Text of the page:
- Title: '20 years of American damage,' say Afghans as U.S. set to complete withdrawal
- Date: 30th August 2021
- Summary: KABUL, AFGHANISTAN (AUGUST 30, 2021) (REUTERS) PAN OF KABUL AT NIGHT CARS WITH HEADLIGHTS ON / PEOPLE WHISTLING AND CHEERING ON ROAD CROWDS GATHERED (SOUNDBITE) (Pashto) UNIDENTIFIED KABUL RESIDENT, SAYING: "Today is the last night of the 20 years of the American troops' occupation. During these 20 years, the Americans have done a lot of damage to the Afghan state. What will happen to the Afghan state after this? I appeal to all our political leaders, elders, and young people, 'Let's take our matters into our own hands. How long will we remain dependent on foreigners? Let's put our homeland together ourselves.' " VEHICLE TRAFFIC (SOUNDBITE) (Dari) UNIDENTIFIED KABUL RESIDENT, SAYING: "Today is the day of the departure of the Americans. After the departure of the foreigners, Afghans should start building their homeland again. They should resolve all political differences through dialogue, and take concrete steps for the construction, stability, and peace of the country, and take such measures for security that in the future the security of Afghanistan is never jeopardized." KABUL AT NIGHT
- Embargoed: 13th September 2021 21:28
- Keywords: 20 year war Afghans Barack Obama Donald Trump George W. Bush Joe Biden Kabul Osama Bin Laden Taliban vox pops
- Location: KABUL, AFGHANISTAN
- City: KABUL, AFGHANISTAN
- Country: Afghanistan
- Topics: Asia / Pacific,Conflicts/War/Peace
- Reuters ID: LVA001ESGZJ9J
- Aspect Ratio: 16:9
- Story Text:EDITORS PLEASE NOTE: QUALITY AS INCOMING
Jubilant Kabul residents cheered and honked their car horns late on Monday night (August 30) as American troops were due to finish their full withdrawal from Afghanistan after a 20-year war.
"Today is the last night of the 20 years of the American troops' occupation. During these 20 years, the Americans have done a lot of damage to the Afghan state," said one unidentified Kabul resident.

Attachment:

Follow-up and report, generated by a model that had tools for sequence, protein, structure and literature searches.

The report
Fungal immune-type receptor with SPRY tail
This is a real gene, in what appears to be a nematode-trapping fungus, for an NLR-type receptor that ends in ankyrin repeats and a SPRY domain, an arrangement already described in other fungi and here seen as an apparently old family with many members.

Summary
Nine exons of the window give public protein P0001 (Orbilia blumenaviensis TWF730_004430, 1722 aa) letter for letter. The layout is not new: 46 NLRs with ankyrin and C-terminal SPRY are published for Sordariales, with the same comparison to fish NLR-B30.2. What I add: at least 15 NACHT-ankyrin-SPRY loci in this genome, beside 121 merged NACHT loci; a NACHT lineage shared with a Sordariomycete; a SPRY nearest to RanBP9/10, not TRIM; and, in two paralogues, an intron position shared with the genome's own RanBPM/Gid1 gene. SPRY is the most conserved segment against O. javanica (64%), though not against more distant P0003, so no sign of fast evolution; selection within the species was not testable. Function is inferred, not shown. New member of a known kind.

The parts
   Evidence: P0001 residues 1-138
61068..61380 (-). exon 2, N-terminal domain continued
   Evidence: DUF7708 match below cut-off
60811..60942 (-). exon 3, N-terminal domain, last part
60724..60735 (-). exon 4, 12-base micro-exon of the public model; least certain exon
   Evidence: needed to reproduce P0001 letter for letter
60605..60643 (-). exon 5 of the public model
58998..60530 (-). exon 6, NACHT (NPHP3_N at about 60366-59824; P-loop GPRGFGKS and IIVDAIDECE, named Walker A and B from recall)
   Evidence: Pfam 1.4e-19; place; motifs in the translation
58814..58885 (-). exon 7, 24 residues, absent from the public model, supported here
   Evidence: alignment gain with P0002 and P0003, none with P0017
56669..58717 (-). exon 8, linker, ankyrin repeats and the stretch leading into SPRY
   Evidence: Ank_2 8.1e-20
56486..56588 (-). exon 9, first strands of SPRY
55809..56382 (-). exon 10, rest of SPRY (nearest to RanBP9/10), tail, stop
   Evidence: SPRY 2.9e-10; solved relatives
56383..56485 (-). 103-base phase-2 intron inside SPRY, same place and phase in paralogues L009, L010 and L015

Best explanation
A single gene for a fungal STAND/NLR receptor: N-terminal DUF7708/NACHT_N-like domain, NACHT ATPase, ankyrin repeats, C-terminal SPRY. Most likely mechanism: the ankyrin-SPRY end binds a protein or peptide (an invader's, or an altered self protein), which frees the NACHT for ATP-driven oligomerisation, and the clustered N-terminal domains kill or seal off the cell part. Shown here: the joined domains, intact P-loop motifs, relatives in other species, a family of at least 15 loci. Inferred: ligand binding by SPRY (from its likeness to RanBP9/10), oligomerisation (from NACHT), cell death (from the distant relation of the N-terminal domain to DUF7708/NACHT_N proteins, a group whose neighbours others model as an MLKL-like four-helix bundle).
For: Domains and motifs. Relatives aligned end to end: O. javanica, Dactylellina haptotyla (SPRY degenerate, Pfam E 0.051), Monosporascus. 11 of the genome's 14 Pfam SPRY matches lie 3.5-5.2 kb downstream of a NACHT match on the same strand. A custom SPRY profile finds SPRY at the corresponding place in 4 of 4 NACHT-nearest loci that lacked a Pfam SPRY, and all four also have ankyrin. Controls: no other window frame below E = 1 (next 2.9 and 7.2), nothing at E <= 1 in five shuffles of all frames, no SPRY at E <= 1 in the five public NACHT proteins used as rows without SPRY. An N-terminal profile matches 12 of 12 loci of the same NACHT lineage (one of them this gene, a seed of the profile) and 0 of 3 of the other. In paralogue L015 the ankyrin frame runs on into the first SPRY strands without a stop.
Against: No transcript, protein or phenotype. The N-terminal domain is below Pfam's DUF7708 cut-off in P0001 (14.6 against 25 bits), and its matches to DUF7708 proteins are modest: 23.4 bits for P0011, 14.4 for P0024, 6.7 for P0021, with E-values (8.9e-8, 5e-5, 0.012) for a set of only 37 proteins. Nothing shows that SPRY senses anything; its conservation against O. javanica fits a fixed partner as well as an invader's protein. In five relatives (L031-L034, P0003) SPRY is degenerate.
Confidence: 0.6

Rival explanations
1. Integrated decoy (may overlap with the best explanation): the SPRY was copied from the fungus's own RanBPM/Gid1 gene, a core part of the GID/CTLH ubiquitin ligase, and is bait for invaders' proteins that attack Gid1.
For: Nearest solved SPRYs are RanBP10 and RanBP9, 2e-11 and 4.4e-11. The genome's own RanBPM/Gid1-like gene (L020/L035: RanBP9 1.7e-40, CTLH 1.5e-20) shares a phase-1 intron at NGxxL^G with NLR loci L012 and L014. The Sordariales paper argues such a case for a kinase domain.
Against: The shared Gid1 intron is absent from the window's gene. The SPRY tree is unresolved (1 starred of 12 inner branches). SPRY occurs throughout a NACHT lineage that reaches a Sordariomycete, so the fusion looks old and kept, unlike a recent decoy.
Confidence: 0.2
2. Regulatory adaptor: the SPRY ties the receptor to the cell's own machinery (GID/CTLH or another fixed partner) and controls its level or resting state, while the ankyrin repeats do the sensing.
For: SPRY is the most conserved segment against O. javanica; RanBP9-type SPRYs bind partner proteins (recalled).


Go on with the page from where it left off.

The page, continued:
"What will happen to the Afghan state after this?" he added.
The street celebration came as the United States was due to announce it had completed the withdrawal of its forces from Afghanistan following a chaotic airlift nearly 20 years after it had invaded the country in the wake of Sept. 11, 2001, attacks on America.
More than 122,000 people have been flown out of Kabul since Aug. 14, the day before the Taliban - which harbored the al Qaeda militant group blamed for the 2001 attacks on New York and Washington - regained control of the country.
The chief U.S. diplomat in Afghanistan, Ross Wilson, was on the last C-17 flight out, Marine General Frank McKenzie, the head of the U.S. Central Command, told a Pentagon news briefing.
The emergency air evacuation came to an end before a Tuesday deadline set by U.S. President Joe Biden, who inherited a troop withdrawal deal made with the Taliban by his predecessor Donald Trump and decided earlier this year to complete the pullout.
The United States and its Western allies scrambled to save citizens of their own countries as well as translators, local embassy staff, civil rights activists, journalists, and other Afghans vulnerable to reprisals.
The evacuations became even more perilous when a suicide bomb attack claimed by Islamic State - the enemy of both the West and the Taliban - killed 13 U.S. service members and scores of Afghans waiting by the airport gates on Thursday.
Biden, who faced intense criticism at home and abroad over his decisions, promised after the bloody Kabul airport attack to hunt down the people responsible.
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